By James Kwak
As Simon has previously discussed, “populist” has become a smear, epitomized by David Brooks’s frankly offensive attempt to classify populism as an “organization of hatreds” akin to racism and sectarianism. Brooks asserts, without support, that populism amounts to “simply bashing the rich and the powerful,” “class war,” “random attacks on enterprise and capital,” and a “zero-sum mentality” — proving that ideologies are easy to bash when you assume their properties.
“Populism” has been rolled out repeatedly over the last year to marginalize people who criticize Wall Street and the financial oligarchy as angry, know-nothing, Luddite, Trotskyist, ungrateful, envy-filled people who don’t understand the modern world and would return us to a barter economy. A search for “Krugman populist” returns 1.7 million hits. (“‘Simon Johnson’ populist” returns 180,000. ) So I was pleased to read Louis Uchitelle’s New York Times article that begins with this clever introduction:
“Put aside for a moment the populist pressure to regulate banking and trading. Ask the elder statesmen of these industries — giants like George Soros, Nicholas F. Brady, John S. Reed, William H. Donaldson and John C. Bogle — where they stand on regulation, and they will bowl you over with their populism.”
The substance of the article is that these prominent financial industry veterans — a billionaire hedge fund manager, a former Republican treasury secretary (and investment banker before that), a former Citigroup CEO, a former Republican head of the SEC (and investment banker before that), and the founder of one of the largest mutual fund companies — all support financial sector reforms that go at least as far if not beyond those proposed by Paul Volcker (another reform advocate that few columnists dare to call a populist). Brady, for example, is open to the idea of not just banning proprietary trading by government-insured banks, but banning securities trading altogether by such banks. This should come as no surprise — he was saying similar things a year ago.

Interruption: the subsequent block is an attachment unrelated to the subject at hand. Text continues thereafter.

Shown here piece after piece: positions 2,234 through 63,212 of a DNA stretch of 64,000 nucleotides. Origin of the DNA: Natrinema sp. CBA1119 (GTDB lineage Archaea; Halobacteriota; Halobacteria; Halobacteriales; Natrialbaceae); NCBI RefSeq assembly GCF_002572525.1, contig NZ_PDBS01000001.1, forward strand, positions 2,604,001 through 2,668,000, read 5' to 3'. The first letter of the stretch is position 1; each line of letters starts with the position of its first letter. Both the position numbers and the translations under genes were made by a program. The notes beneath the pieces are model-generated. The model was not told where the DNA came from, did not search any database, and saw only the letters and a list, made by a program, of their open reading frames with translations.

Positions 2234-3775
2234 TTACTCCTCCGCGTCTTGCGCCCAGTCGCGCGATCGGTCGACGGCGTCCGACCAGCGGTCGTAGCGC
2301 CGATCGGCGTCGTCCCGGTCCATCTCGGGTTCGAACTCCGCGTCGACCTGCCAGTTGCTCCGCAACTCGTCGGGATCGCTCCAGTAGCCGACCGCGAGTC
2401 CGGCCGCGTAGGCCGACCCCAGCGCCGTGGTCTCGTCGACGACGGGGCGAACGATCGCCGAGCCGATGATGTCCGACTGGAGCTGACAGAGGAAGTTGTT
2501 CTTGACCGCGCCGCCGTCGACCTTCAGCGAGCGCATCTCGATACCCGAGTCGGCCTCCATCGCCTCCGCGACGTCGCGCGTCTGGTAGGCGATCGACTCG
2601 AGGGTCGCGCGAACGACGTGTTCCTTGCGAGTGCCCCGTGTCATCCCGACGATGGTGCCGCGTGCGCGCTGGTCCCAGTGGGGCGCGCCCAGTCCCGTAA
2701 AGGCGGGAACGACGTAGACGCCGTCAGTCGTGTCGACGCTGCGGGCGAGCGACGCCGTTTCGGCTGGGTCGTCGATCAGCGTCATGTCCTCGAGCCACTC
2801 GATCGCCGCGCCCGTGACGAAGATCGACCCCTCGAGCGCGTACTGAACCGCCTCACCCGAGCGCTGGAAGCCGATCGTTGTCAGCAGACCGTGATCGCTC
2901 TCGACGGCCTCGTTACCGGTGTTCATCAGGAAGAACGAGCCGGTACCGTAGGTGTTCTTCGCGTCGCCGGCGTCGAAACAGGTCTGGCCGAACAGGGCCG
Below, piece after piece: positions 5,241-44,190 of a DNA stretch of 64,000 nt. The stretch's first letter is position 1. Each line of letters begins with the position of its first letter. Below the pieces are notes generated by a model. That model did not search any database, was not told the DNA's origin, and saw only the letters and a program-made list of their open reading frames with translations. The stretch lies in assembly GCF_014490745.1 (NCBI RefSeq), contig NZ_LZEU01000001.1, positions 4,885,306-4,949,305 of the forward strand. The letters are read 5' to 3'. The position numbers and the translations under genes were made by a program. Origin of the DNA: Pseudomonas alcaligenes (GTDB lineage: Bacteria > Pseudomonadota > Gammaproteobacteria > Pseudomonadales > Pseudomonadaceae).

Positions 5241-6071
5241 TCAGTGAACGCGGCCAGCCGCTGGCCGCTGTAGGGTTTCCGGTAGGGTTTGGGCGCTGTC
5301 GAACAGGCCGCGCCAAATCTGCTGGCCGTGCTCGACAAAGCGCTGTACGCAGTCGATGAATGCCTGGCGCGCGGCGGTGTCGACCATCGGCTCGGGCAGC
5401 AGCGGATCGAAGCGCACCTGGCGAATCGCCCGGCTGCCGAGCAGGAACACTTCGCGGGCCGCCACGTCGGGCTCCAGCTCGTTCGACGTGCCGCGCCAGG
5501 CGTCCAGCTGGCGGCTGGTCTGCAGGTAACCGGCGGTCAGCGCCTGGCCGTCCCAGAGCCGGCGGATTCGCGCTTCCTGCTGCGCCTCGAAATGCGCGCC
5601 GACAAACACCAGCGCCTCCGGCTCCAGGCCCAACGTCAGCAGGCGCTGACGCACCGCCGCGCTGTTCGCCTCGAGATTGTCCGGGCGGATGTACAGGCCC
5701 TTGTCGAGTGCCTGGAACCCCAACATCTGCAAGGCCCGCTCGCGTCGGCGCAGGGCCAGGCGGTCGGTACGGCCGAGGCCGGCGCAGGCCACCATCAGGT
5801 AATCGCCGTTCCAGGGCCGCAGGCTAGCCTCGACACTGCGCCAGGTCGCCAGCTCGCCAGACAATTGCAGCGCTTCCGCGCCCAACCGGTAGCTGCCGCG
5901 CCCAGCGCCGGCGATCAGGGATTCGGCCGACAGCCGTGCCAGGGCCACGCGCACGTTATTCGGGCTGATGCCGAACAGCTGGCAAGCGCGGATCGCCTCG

Of course, one could argue that these distinguished (and very rich) men are not actually “populists” — they are sensible, experienced advocates of reform who seek closer regulation of the financial industry because they want to create a stable financial system that promotes economic growth. Since “populist” has no independent meaning, you can reserve it for the people you don’t like and find another word (“reformer”?) for the people you can’t easily write off.
Whatever. The more hedge fund legends, former senior government officials, and financial sector titans come out against the modern version of Wall Street and in favor of reform, the harder it becomes to equate criticism of Wall Street with “random attacks on enterprise and capital.”